The dispute between Major League Baseball and its players’ union over the economics of starting the pandemic-delayed season sounds familiar.
It sounds very much like the rhetoric around the strike that wiped out two summer months of the season in 1981, the lockout that derailed spring training in 1990 and, yes, even the strike that forced cancellation of the World Series in 1994.
Now, as then, both the owners’ and players’ sides have made proposals that had zero chance of being accepted by the other.
The owners last week proposed that the higher-salaried players take huge pay cuts on top of the prorated salaries they agreed to in March, claiming that otherwise the clubs would lose more money for each game played without fans in attendance. The players countered Sunday by proposing more games, 114 rather than 82, and no further pay reductions. Then came word Monday that the owners might implement a season of as few as 40 or 50 games at prorated salaries if they can’t wrangle more pay cuts.
MLB vs. Players’ pay proposals
|% Salary earned||23-47 (scale)||70|
|2020 Payroll total||$1.2 billion||$2.8 billion|
Maybe there’s a compromise to be found in there somewhere, but on the surface none of it seems to suggest progress toward a solution. You might have thought that it would be different this time, that both sides would have approached negotiations more productively from the start amid COVID-19. Instead, it has been negotiation as usual for baseball, where again it is as if the two sides are speaking different languages, unable to agree even on what it was they agreed to in March.
Whether there’ll be a Braves season, an MLB season, or how much of a season, hangs in the balance.
J.C. Bradbury, a Kennesaw State University economist who has written two books on baseball economics, has seen it all before.
“The way these things get settled is through basically sheer brute force, each side trying to convince the other side that you’re willing to risk all the damages,” Bradbury said Monday. “The owners will say, ‘Hey, we won’t play a game next season. Let’s see how desperate the players get.’ And the players will say, ‘Oh, no, you need to pay us a ton of money. You won’t make any money without us.’ Both parties have an incentive to not be honest with each other.
“It’s a bargaining game,” Bradbury continued, “and from a fan’s perspective it is very frustrating because you say, ‘Why can’t they just agree?’ … This is sort of two big heavyweights staring each other down before a fight.”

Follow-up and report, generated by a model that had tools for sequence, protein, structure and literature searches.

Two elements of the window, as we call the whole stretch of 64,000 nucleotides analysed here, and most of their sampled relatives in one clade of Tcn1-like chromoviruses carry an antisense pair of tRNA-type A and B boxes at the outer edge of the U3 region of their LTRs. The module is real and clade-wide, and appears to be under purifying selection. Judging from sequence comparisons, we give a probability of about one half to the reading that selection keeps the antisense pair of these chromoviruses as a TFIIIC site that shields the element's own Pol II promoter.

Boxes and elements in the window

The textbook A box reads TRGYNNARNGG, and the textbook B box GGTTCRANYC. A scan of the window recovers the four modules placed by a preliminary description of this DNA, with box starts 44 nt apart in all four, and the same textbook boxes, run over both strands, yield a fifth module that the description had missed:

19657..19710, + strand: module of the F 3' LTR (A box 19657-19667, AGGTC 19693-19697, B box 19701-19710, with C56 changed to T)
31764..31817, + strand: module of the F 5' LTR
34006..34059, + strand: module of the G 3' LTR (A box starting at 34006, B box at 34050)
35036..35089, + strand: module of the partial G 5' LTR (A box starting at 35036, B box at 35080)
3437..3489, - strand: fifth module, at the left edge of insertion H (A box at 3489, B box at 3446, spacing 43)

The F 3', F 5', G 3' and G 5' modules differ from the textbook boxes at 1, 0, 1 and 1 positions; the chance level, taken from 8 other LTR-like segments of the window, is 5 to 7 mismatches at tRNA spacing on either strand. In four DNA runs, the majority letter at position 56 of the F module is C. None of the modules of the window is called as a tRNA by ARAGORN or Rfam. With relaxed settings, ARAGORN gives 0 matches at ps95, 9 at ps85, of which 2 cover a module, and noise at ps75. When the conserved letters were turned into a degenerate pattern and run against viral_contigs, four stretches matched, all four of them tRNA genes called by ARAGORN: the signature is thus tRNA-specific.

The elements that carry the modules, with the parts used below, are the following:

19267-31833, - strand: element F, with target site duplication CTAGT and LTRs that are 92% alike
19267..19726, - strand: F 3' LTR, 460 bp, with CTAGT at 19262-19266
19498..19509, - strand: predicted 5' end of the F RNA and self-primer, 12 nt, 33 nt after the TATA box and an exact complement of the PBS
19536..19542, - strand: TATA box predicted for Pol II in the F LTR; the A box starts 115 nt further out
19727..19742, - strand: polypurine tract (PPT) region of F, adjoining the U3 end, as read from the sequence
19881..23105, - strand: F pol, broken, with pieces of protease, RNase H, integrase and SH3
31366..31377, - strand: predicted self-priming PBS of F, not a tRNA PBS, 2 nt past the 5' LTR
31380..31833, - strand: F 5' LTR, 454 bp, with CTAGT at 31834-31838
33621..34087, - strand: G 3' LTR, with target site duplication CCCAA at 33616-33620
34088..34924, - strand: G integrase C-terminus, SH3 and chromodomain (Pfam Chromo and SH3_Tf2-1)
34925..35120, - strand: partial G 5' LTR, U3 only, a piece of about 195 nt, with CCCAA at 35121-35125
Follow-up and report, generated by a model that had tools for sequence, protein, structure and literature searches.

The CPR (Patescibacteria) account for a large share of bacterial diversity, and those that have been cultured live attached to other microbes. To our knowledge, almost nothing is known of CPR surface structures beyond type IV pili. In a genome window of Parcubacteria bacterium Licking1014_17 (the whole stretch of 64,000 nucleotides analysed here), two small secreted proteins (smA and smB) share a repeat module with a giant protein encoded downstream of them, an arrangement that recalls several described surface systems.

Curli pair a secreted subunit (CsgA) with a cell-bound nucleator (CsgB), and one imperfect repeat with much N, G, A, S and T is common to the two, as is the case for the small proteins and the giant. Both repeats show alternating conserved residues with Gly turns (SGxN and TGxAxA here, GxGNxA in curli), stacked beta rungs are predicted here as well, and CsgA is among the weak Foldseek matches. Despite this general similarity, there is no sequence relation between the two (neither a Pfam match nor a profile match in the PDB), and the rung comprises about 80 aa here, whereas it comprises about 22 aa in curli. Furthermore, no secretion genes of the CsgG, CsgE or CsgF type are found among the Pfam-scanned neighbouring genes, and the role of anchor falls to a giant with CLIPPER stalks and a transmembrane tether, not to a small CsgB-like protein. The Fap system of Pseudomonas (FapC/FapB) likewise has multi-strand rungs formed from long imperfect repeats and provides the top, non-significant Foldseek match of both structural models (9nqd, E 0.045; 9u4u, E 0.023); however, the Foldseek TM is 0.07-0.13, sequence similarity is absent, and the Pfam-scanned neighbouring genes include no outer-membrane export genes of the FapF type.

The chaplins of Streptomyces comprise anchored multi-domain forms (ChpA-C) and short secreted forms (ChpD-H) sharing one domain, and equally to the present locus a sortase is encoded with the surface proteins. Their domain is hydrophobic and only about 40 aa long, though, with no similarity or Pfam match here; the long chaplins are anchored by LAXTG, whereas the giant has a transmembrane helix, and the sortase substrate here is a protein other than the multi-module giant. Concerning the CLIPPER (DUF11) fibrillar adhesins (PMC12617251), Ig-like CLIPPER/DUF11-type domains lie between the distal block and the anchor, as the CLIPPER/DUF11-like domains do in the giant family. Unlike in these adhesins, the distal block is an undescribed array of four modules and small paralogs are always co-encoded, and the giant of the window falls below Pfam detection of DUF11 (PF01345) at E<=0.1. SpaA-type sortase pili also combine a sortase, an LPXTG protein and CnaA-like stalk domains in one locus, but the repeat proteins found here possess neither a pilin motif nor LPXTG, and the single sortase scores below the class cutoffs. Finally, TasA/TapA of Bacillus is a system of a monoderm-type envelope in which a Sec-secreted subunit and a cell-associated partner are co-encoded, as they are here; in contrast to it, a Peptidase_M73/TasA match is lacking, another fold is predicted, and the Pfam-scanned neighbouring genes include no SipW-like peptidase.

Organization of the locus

They come to this fight with the union’s longstanding distrust of the owners exacerbated by many players’ unhappiness about the current collective bargaining agreement, which took effect in 2017.
“Things being acrimonious before this (negotiation) started makes it more difficult,” Bradbury said.
Other major sports leagues also have labor disputes — the NHL lost the entire 2004-05 season to a lockout — but none approach the process with the historical rancor of baseball.
MLB has had eight strikes or lockouts since 1972, although none since the disastrous strike that ended the 1994 season in August and wiped out the postseason and brought replacement players to spring training camps in 1995. MLB also has been at the brink of stoppages on other occasions.
But the current situation is different from all the other disputes because of the long-term damage that would be inflicted on the sport by scrapping a season over a financial squabble during a time of public health crisis and soaring unemployment.
Eventually, the two sides might well come to an agreement and have a partial season of some length, but time is running out for a hoped-for start of games without fans by the Fourth of July weekend. Assuming the teams will need about three weeks of training before games begin, an agreement would need to be reached in time for workouts to start by June 12 or so.
Playing a 114-game schedule, as the players proposed, would require the season to run from late June through late October, followed by playoffs in November. The owners’ 82-game proposal would have the season run from early July through September, with the playoffs in October as usual.
MLB vs. Players’ season proposal
|# Of games||82||114|
|Season start||Early July||June 30|
|Season end||Sept. 27||Oct. 31|
|# Playoff teams||14||14|
The agreement reached in March said the players would be paid a prorated portion of their contracts for games that are played (in other words, 1/162nd of their contracted salary for each game). The players’ side has contended that means the pay issue is settled. But the March agreement also said the parties “will discuss in good faith the economic feasibility of playing games in the absence of spectators” if necessary. The owners’ side has contended that means the agreement on pro rata salaries applied to games with fans in attendance and that more pay cuts were contemplated all along if games had to be played without fans.
A disagreement about an agreement fits perfectly into baseball’s tortured history of labor relations.
As for what happens next: “I think they’re going to hold out as long as possible,” said Bradbury, referring to both sides. But ultimately, he predicted, “someone is going to cave. When there is money to be made, someone will find a way to do it.”
Meanwhile, the clock again ticks ominously for baseball.
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